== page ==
Solomon writes in Proverbs:
Proverbs 14:27 ESV
The fear of the Lord is a fountain of life,
that one may turn away from the snares of death.
And the psalmist writes:
Psalm 2:11 ESV
Serve the Lord with fear, and rejoice with trembling.
Psalm 111:10 ESV
The fear of the Lord is the beginning of wisdom;
all those who practice it have a good understanding.
His praise endures forever!
In all, there are well over 100 references to “the fear of the Lord” in the Bible – spanning both the Old and New Testament. So we can be sure it’s not s misprint or misspoken command, but it might be a little misunderstood. I mean, this all seems a little contradictory doesn’t it? On one hand we’re supposed to devote the entirety of our lives to Him, and on the other, we’re supposed to be afraid of Him? Seems a bit odd, right?
Famous theologian and pastor Martin Luther once made a distinction when it comes to the “fear of the Lord.” He said that there are two types of fear; servile, and filial. He said “The servile fear is a kind of fear that a prisoner in a torture chamber has for his tormentor, the jailer, or the executioner. It’s that kind of dreadful anxiety in which someone is frightened by the clear and present danger that is represented by another person.” Even thinking about that scenario gives me a little anxiety. Author and teacher R.C. Sproul says “Luther distinguished between that and what he called filial fear, drawing from the Latin concept from which we get the idea of family. It refers to the fear that a child has for his father.”
Now just for a second, let’s go back to my angry step-dad that fine Saturday morning, with bass thumping and blood pumping. After his “explosion” at me, I realized something it would take me a while to name, but I something I felt nonetheless. I was AFRAID of letting him down. I had seen the way he lived his life, the character he had, and the type of man he was, and I admired him. I wanted to become like him. And the thought of disappointing him, brought me fear. He had my respect, and I didn’t want to lose his approval, not because of what he would DO to me, but because of what he would THINK of me. I couldn’t bear the thought of letting him down.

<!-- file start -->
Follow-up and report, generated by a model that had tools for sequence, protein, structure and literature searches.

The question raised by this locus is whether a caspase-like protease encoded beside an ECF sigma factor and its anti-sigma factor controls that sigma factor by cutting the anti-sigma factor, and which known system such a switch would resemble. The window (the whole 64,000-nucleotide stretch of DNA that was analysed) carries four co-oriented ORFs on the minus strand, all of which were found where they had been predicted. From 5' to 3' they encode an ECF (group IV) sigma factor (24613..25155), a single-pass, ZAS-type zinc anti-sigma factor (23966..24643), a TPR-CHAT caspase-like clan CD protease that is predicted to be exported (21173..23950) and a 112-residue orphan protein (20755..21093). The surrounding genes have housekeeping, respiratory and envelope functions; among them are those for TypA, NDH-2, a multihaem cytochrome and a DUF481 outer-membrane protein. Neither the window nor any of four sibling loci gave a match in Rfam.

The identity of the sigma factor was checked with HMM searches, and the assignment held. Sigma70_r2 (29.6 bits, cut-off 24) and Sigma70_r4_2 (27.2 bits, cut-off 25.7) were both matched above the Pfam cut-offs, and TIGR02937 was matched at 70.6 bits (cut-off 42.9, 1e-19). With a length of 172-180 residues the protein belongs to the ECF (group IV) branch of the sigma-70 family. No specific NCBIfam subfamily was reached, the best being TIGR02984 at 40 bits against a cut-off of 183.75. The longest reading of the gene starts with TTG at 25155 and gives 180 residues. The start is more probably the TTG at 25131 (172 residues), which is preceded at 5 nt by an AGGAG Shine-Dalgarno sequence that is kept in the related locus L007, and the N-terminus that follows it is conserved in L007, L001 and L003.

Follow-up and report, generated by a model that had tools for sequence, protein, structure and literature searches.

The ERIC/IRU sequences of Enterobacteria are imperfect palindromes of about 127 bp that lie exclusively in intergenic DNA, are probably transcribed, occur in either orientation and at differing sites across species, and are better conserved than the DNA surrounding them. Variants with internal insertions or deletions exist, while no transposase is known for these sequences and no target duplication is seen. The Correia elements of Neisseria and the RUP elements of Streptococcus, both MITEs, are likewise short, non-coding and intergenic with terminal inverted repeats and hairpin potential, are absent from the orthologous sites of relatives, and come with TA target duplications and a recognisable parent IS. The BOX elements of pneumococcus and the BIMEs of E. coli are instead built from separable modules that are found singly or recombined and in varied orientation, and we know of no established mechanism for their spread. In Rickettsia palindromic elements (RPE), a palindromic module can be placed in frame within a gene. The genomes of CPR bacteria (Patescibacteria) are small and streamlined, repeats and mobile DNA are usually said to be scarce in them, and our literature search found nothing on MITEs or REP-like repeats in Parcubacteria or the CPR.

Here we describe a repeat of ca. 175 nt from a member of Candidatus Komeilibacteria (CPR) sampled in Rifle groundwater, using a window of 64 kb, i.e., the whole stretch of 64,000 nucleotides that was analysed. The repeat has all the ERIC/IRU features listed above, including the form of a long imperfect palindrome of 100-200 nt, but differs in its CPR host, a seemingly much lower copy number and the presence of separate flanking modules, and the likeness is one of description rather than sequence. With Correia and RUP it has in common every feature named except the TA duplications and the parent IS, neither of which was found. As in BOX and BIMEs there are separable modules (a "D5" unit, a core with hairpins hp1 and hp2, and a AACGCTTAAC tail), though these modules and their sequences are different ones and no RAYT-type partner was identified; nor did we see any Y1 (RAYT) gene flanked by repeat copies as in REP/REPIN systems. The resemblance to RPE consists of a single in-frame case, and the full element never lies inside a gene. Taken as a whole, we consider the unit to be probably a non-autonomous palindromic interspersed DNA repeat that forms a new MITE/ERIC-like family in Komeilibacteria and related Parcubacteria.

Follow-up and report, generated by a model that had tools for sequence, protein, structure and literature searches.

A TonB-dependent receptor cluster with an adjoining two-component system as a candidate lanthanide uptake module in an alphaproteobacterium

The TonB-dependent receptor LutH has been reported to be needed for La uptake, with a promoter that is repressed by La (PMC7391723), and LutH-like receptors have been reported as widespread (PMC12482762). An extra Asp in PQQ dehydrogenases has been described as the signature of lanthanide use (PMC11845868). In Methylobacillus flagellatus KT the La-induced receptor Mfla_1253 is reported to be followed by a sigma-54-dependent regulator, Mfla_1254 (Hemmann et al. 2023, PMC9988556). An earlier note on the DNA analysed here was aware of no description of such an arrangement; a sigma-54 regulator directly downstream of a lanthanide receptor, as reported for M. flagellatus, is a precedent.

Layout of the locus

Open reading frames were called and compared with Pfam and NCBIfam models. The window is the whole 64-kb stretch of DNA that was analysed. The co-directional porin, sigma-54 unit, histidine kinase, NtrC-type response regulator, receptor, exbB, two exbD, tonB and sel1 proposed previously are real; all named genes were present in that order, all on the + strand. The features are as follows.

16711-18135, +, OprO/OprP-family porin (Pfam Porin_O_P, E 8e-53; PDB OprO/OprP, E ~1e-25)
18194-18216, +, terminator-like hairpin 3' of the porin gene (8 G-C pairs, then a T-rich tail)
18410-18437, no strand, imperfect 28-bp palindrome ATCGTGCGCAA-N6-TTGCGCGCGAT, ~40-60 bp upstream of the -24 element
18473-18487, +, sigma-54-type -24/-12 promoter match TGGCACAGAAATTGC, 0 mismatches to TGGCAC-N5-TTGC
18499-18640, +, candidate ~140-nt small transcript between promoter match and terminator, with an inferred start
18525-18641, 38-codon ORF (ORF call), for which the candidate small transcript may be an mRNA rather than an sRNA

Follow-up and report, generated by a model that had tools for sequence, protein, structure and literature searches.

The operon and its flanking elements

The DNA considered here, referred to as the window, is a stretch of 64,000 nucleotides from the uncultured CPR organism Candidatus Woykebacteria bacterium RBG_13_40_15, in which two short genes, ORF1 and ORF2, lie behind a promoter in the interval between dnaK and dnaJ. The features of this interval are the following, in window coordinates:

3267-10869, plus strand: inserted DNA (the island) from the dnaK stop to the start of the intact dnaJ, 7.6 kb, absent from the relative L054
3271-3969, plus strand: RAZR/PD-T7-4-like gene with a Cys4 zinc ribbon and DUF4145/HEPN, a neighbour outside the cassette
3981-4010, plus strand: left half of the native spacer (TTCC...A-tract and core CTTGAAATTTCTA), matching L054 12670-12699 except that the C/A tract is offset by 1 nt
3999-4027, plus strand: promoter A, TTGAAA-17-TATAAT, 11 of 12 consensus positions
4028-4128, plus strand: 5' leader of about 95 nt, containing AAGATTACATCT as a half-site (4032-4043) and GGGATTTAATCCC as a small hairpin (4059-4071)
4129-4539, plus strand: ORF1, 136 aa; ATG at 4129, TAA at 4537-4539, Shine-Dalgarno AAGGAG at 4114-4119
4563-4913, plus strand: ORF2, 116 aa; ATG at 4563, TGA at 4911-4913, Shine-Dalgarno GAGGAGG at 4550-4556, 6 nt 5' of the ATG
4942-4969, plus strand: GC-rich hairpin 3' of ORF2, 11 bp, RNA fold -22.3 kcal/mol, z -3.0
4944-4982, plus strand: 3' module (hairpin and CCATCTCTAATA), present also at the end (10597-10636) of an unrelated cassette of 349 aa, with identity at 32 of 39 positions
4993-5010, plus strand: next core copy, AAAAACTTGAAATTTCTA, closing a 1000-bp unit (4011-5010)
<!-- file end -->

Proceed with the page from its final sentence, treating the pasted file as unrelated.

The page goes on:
I think this is what scripture is MAINLY calling us to in our relationship with our Creator. Do SOME verses imply that we should fear God because of what He COULD do to us, yes, absolutely. But those verses are outdone in number and in idea, by those that refer to God’s undying and undeniable love for us, and the grace He has offered us all, time and time again. More likely then, I think when the writers of these books call us to “fear God,” they are asking us desire to live the kind of life that would demonstrate our awe and respect for God, and our fear of letting down the One we should spend our existence trying to please. That it how the “fear of the Lord” brings life and wisdom – when it pushes us to do the right thing, even when wrong might seem more appealing.
Football is fun, but you have to play by the rules for fear that the referee might cost you a chance at winning. Songs with a good beat and catchy lyrics are also enjoyable – but much less so when they take your mind and heart places it should not go and the results spill into your life. In 31 years, I’ve never seen my step-dad as mad as he was that day, and I hope not to ever again. But I’m thankful I did get to see it that one time. I guess you could say he “put the fear of the Lord in me” – hopefully for good.